September 18, 2014

SHOWBUZZDAILY Season Finale Review: “Extant”


It’s a mystery how some network messes ever get on the air, but that wasn’t the case with CBS’s EXTANT.  On the contrary, its path was completely clear.  After the network had a surprise smash hit last summer with Under the Dome, one that came with hardly any risk because of a co-financing deal with Amazon (which got accelerated digital rights in exchange), naturally it wanted to expand its grasp of the summer sci-fi serial market.  So it was receptive when the same Steven Spielberg-led group of producers came in with another thriller to pitch, this one about a female astronaut who returned from a long solo voyage in space inexplicably pregnant–and with a bona fide star at the top this time in the person of Halle Berry, who was ready to call it a day on the big screen after years without a decent leading role.

All of it was perfectly logical, but quality TV shows aren’t assembled out of their deal terms, and Extant never worked as a drama.  Creator Mickey Fisher and showrunner Greg Walker had nowhere to take it after the opening episode, and opted for a mash-up of cliches from other sci-fi and horror stories, including Rosemary’s Baby, Spielberg’s own A.I., and any number of alien mind control tropes.  Evidently, there wasn’t much of a budget, so aside from the opening and closing episodes, little of the season was set in space, and the superpowers of the eventual alien spawn were limited to putting characters into virtual reality worlds that looked just like this one.  (Things were so cheap that the production couldn’t afford futuristic cars, and had to dub whooshing noises under shots of ordinary ones.)  Combine that with a lackluster leading performance from Berry, and it was enough to make one appreciate Dome, which has gone increasingly bonkers, but at least has some scale and ingenuity.

The season finale, written by Fisher and directed by Miguel Sapochnik, did manage to send things off on a relative high note.  It made zero sense that Molly Woods (Berry) was the only person on Earth who could be launched into space on a moment’s notice to blow up her old space station, which was infected with alien somethings (we got the briefest glimpse of a CG gizmo wriggling around Berry’s arm, otherwise we only saw the aliens in their guise as humans–presumably again a budget issue), especially since her own glowing-eyed alien monster child was wandering around and killing people.  But fine:  send her into space, at least it was a change from her running around trying to convince people first that she was pregnant, then that her baby was alive, and then that only she could save people from it/him.

When the space station computer refused to let her return to Earth because she might be infected herself with the alien–which apparently she was, but she fought it off through sheer force of will (?)–it set the stage for that plotline to interplay with the other major story of the series, which was the humanity of her A.I. son Ethan (the creepy Pierce Gagnon).  He was able to override the computer and send her home, and then sacrifice himself by allowing the bomb that had been planted in him by an anti-high-tech terrorist to go off, which was supposed to kill both him and the alien kid.  Except that, in fact, neither of those things happened, because the alien was hitching rides on the freeway at the end of the episode, and Ethan had infected himself into the entire computer system at least of Molly’s home and workplace, which was the same thing that evil Johnny Depp did in the recent flop Transcendence when he tried to take over the world, but somehow was here portrayed as good news.  Whatever, but at least things happened during the final hour.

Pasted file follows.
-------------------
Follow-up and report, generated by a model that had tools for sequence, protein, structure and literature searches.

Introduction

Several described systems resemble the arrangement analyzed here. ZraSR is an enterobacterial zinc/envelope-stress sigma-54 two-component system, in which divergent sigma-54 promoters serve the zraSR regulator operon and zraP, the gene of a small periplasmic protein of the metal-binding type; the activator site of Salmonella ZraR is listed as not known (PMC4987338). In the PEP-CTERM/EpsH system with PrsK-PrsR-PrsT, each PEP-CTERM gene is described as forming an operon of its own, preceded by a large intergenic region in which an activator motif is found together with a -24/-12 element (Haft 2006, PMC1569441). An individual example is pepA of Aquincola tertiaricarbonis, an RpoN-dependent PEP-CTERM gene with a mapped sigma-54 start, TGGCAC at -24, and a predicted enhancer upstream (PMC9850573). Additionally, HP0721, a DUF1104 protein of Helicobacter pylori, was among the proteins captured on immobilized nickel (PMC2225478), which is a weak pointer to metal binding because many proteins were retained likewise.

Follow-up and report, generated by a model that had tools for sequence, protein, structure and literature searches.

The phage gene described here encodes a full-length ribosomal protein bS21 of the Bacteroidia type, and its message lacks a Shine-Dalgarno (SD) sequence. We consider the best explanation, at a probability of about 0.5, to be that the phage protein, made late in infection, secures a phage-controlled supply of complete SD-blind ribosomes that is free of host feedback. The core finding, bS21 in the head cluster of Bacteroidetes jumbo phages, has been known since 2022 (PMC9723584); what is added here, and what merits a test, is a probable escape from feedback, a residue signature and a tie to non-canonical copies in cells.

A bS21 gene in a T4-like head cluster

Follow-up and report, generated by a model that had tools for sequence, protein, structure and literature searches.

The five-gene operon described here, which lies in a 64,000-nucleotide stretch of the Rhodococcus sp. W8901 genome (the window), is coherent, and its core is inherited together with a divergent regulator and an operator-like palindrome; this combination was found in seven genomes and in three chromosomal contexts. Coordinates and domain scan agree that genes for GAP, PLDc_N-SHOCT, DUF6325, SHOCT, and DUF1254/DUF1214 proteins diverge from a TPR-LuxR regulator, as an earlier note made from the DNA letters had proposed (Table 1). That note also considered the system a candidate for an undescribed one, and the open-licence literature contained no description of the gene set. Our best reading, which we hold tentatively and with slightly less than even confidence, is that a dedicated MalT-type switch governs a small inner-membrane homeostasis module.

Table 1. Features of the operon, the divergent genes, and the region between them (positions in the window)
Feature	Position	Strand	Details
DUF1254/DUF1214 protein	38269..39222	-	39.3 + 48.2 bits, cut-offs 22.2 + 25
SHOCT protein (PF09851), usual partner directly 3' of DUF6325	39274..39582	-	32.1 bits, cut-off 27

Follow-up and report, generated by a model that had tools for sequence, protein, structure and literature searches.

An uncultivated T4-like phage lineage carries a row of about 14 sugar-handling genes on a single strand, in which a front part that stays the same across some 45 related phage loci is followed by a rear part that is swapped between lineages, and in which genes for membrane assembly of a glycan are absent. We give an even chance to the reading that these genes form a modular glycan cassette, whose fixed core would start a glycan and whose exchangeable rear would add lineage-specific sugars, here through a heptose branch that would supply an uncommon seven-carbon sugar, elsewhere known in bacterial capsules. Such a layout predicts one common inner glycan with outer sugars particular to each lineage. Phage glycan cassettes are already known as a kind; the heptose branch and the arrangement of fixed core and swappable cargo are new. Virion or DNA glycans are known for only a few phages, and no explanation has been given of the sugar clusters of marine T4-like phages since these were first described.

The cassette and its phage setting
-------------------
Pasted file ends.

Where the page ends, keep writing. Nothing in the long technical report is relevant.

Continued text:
There were good actors trapped in all this besides Berry.  Goran Visnjic spent the entire season with his brow furrowed as Molly’s husband and Ethan’s inventor, who was constantly worried about one if not both of them.  Mamie Gummer, as his chief assistant, looked disgusted at everyone who didn’t adore Ethan as much as she did, and of course eventually fell for the terrorist who wanted to destroy Ethan.  Michael O’Neill was patently untrustworthy as Molly’s boss, and Hiroyuki Sanada even more blatantly villainous as the industrialist backing the show’s NASA equivalent for his own nefarious reasons.  Camryn Manheim did very little as Molly’s doctor friend.

Extant is likely extinct, with ratings that never came close to Under the Dome‘s (this year’s subdued numbers, let alone last year’s hit), but considering how favorable its economics are to CBS, its fate isn’t certain.  If the network determines in its ledger-book that the show is worth renewing, perhaps more thought can go into its plotting  next time around rather than its profit.



About the Author

Mitch Salem
MITCH SALEM has worked on the business side of the entertainment industry for 20 years, as a senior business affairs executive and attorney for such companies as NBC, ABC, USA, Syfy, Bravo, and BermanBraun Productions, and before that, at the NY law firm of Weil, Gotshal & Manges. During all that, he has more or less constantly been going to the movies and watching TV, and writing about both since the 1980s. His film reviews also currently appear on and In addition, he is co-writer of an episode of the television series "Felicity."